Due to the huge rise in the number and variety of email, text and phone scams claiming to be from HMRC and targeting consumers and businesses, the UK Government have published a list of their current messages so that you can recognise genuine contact. The website also includes advice on recognising fraudulent emails and examples of the most common phishing messages which claim to be from HMRC.
HMRC have stated that they will never text, email or phone to ask for bank details, PIN or passwords.
Some of the most commonly reported HMRC scams are:
- An automated message saying that HMRC are filing a lawsuit against you. You are asked to press 1 to be connected to a caseworker
- A cold caller telling you that you are being charged with tax fraud. In order to avoid court action you are asked to send a copy of your passport and to pay over £1,000
- An automated message saying that your National Insurance number has been compromised or is invalid. You are asked to press 1 to speak to an ‘advisor’ who may ask for your personal details in order to apply for a new NI number.
- An automated message purportedly from a criminal agency, saying that your National Insurance number is going to be suspended and your assets seized. The message asks you to press 1 to stop your assets being seized.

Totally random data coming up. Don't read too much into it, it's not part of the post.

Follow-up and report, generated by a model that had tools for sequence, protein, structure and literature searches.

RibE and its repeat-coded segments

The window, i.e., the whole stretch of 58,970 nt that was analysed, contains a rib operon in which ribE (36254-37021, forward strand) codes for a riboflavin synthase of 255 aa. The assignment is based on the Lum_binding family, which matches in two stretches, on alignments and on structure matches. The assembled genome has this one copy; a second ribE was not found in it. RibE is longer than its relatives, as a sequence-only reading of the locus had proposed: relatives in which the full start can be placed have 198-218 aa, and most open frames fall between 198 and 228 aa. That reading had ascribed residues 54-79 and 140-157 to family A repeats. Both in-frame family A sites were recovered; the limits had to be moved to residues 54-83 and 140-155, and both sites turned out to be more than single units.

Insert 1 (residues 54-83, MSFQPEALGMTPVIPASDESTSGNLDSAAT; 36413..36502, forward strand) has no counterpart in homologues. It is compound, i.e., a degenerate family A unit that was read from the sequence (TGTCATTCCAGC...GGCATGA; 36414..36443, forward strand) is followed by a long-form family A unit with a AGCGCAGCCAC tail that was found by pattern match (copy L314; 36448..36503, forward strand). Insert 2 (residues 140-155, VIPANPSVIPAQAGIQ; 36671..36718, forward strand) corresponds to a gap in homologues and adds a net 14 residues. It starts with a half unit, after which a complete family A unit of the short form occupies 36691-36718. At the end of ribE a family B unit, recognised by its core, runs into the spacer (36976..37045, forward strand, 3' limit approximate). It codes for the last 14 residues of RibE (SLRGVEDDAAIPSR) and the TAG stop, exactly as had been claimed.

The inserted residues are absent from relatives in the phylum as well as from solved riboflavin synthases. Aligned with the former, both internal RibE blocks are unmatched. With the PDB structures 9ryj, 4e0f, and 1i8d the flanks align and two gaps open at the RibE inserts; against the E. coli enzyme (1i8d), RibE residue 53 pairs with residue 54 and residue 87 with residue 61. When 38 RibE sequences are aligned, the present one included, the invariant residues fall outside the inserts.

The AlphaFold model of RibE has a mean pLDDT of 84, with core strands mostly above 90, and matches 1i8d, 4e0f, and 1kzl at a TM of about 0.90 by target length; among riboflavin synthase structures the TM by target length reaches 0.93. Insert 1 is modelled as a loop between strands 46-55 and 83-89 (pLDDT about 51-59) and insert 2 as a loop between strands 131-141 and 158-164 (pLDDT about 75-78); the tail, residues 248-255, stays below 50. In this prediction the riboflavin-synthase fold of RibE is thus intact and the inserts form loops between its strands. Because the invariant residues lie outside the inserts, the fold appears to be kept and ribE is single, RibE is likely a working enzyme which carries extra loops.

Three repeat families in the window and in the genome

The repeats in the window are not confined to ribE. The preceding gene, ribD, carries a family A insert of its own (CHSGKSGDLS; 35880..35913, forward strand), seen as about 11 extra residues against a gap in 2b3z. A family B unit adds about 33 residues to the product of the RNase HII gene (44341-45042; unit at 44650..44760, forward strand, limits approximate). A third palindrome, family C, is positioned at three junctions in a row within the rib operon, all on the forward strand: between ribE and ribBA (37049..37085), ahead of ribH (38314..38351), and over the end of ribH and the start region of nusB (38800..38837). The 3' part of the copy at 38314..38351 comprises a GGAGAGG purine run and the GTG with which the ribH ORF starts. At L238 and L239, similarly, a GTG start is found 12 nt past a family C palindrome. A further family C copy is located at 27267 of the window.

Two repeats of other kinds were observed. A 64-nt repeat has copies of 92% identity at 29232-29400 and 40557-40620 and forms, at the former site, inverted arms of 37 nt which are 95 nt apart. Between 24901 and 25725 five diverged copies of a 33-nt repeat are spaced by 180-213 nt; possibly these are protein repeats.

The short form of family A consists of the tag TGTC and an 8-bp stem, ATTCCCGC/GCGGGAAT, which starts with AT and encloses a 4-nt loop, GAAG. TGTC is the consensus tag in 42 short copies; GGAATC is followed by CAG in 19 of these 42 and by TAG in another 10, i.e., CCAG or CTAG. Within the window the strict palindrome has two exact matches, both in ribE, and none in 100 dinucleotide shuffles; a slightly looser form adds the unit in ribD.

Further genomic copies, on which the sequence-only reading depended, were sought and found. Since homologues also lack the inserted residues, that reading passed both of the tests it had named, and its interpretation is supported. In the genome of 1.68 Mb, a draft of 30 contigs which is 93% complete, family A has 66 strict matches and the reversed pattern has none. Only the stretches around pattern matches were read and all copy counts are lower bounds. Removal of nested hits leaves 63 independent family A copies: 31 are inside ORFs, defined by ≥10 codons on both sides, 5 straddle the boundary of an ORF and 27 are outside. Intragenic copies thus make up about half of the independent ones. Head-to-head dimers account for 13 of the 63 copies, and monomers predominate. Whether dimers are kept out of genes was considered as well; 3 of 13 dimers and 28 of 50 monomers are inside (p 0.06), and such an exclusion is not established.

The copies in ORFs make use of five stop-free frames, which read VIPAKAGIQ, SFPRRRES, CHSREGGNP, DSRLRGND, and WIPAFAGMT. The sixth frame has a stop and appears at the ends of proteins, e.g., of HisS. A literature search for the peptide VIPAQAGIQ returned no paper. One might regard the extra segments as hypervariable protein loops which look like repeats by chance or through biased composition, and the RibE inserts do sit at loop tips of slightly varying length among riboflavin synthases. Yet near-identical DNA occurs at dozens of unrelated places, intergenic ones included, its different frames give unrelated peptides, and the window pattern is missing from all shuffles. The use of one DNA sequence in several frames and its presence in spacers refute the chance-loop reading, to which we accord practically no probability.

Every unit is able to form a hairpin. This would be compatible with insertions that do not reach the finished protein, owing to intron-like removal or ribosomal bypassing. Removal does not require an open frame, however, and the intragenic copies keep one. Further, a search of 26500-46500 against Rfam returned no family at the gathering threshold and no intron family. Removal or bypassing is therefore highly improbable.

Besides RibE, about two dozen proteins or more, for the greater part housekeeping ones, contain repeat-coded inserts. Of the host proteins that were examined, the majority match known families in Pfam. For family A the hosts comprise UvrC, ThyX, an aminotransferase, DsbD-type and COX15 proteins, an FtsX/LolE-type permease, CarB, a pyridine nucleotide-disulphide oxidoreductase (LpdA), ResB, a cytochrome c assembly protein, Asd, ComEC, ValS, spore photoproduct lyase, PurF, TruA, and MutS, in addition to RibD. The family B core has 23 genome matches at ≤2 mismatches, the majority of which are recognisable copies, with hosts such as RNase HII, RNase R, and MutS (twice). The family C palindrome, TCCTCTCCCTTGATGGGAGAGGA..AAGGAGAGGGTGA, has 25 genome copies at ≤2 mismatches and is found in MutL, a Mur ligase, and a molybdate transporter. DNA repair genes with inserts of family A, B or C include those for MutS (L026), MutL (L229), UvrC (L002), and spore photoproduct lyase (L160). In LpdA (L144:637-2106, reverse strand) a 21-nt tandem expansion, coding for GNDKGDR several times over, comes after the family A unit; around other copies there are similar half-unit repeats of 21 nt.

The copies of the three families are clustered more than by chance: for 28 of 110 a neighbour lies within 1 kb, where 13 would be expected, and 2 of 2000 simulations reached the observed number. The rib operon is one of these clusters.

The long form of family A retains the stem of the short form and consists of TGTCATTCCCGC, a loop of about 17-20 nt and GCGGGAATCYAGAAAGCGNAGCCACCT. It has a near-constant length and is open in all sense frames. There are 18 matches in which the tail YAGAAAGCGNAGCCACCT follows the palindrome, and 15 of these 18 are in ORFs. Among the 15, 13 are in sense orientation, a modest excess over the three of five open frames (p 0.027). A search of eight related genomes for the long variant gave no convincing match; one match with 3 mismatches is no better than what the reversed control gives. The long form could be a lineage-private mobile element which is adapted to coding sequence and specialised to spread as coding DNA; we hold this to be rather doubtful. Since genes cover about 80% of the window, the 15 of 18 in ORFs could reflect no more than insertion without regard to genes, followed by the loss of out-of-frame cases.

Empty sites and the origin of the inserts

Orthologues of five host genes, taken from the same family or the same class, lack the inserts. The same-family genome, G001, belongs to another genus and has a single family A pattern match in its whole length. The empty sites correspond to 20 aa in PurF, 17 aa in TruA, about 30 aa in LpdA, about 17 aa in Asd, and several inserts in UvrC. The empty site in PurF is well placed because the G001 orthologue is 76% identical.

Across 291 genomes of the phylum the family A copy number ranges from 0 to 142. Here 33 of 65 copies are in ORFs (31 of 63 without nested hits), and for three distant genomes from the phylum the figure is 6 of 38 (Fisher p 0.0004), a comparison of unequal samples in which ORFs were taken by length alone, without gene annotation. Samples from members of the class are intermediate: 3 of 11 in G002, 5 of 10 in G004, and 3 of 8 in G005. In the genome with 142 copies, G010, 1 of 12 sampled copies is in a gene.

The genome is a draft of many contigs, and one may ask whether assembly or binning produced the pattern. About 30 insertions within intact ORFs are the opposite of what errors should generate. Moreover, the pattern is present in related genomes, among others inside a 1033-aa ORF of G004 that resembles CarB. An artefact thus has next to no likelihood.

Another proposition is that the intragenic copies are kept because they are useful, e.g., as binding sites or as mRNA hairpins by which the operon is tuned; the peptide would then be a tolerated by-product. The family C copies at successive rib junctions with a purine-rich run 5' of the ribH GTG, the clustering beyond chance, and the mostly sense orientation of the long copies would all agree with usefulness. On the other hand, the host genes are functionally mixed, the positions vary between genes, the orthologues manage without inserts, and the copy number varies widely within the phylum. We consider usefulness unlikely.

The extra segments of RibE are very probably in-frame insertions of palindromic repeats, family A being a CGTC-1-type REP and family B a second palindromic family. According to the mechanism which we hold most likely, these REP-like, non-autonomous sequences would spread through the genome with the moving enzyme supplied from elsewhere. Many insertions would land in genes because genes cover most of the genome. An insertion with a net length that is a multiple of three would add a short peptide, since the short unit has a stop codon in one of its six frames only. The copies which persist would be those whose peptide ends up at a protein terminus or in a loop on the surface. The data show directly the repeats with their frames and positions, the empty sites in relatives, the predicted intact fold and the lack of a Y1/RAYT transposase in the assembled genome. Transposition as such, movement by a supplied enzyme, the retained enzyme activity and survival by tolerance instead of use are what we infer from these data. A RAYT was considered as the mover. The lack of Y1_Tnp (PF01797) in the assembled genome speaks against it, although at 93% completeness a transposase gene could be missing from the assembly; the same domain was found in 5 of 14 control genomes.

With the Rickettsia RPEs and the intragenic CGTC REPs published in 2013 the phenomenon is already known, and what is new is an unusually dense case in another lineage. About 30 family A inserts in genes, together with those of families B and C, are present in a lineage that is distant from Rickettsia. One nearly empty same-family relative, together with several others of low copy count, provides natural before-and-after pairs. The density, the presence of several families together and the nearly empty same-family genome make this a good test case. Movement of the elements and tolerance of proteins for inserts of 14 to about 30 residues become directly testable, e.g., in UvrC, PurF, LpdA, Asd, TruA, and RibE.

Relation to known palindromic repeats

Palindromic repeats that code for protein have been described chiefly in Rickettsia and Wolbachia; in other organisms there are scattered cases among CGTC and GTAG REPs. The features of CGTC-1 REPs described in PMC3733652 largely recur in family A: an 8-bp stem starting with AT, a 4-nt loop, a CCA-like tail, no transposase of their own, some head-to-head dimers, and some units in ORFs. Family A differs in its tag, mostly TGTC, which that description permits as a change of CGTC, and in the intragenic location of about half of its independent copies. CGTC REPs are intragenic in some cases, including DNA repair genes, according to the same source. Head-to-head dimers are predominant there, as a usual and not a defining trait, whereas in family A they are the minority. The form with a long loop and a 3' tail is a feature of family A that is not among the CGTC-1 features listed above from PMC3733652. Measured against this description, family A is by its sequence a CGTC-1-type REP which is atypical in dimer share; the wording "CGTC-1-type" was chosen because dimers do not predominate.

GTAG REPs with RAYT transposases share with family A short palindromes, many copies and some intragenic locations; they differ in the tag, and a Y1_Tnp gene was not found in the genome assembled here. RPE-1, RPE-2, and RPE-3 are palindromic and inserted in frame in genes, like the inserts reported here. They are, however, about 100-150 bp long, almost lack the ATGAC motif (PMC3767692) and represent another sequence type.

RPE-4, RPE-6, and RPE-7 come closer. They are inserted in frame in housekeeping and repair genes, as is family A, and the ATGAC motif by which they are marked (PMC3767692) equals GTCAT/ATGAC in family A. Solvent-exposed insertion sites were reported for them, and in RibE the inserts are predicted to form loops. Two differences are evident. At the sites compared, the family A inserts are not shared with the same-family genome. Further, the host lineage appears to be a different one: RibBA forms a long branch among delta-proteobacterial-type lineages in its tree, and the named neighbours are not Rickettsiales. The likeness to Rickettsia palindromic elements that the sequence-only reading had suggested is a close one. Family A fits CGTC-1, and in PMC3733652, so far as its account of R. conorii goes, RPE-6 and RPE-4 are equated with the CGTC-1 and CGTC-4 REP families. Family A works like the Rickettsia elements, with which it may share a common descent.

- A cold caller saying that you owe up to £500 in unpaid tax and will be arrested in a couple of hours if you don’t pay immediately. You may be asked to make the payment in vouchers or prepaid cards for Amazon or Google Play
- A message via social media from someone saying that they can help you claim a tax rebate. You’re asked to provide £500 in Amazon vouchers
- Find further examples of HMRC scams on their website.
A consumer was called by someone posing as HMRC staff, saying that he owed them money in unpaid tax and that a warrant would be issued for his arrest if he didn’t pay. He agreed to make three payments, each between £200 and £400. When he couldn’t transfer any more money, the caller asked for subsequent payments to be paid in Amazon vouchers. At this point, the man realised that the call was not genuine and contacted Advice Direct Scotland for help.
What to do:
- Do not press 1 or follow any other instructions given in an automated message
- If you are speaking to a person, don’t give them any personal information or bank details, even if they seem to know some of your details already
- Don’t click on any buttons or links in unsolicited emails, even if they look official
- Contact your bank immediately if you think you may have made a payment to a scammer or if you are worried that a fraudulent transaction has been made from your account. Use the phone number on your bank statement or a publicly listed number (don’t use a number given to you by a cold caller). To ensure that you are disconnected from the cold caller, phone another number such as 123 before phoning your bank or call them from another phone
- Report any similar phishing scams to HMRC through their website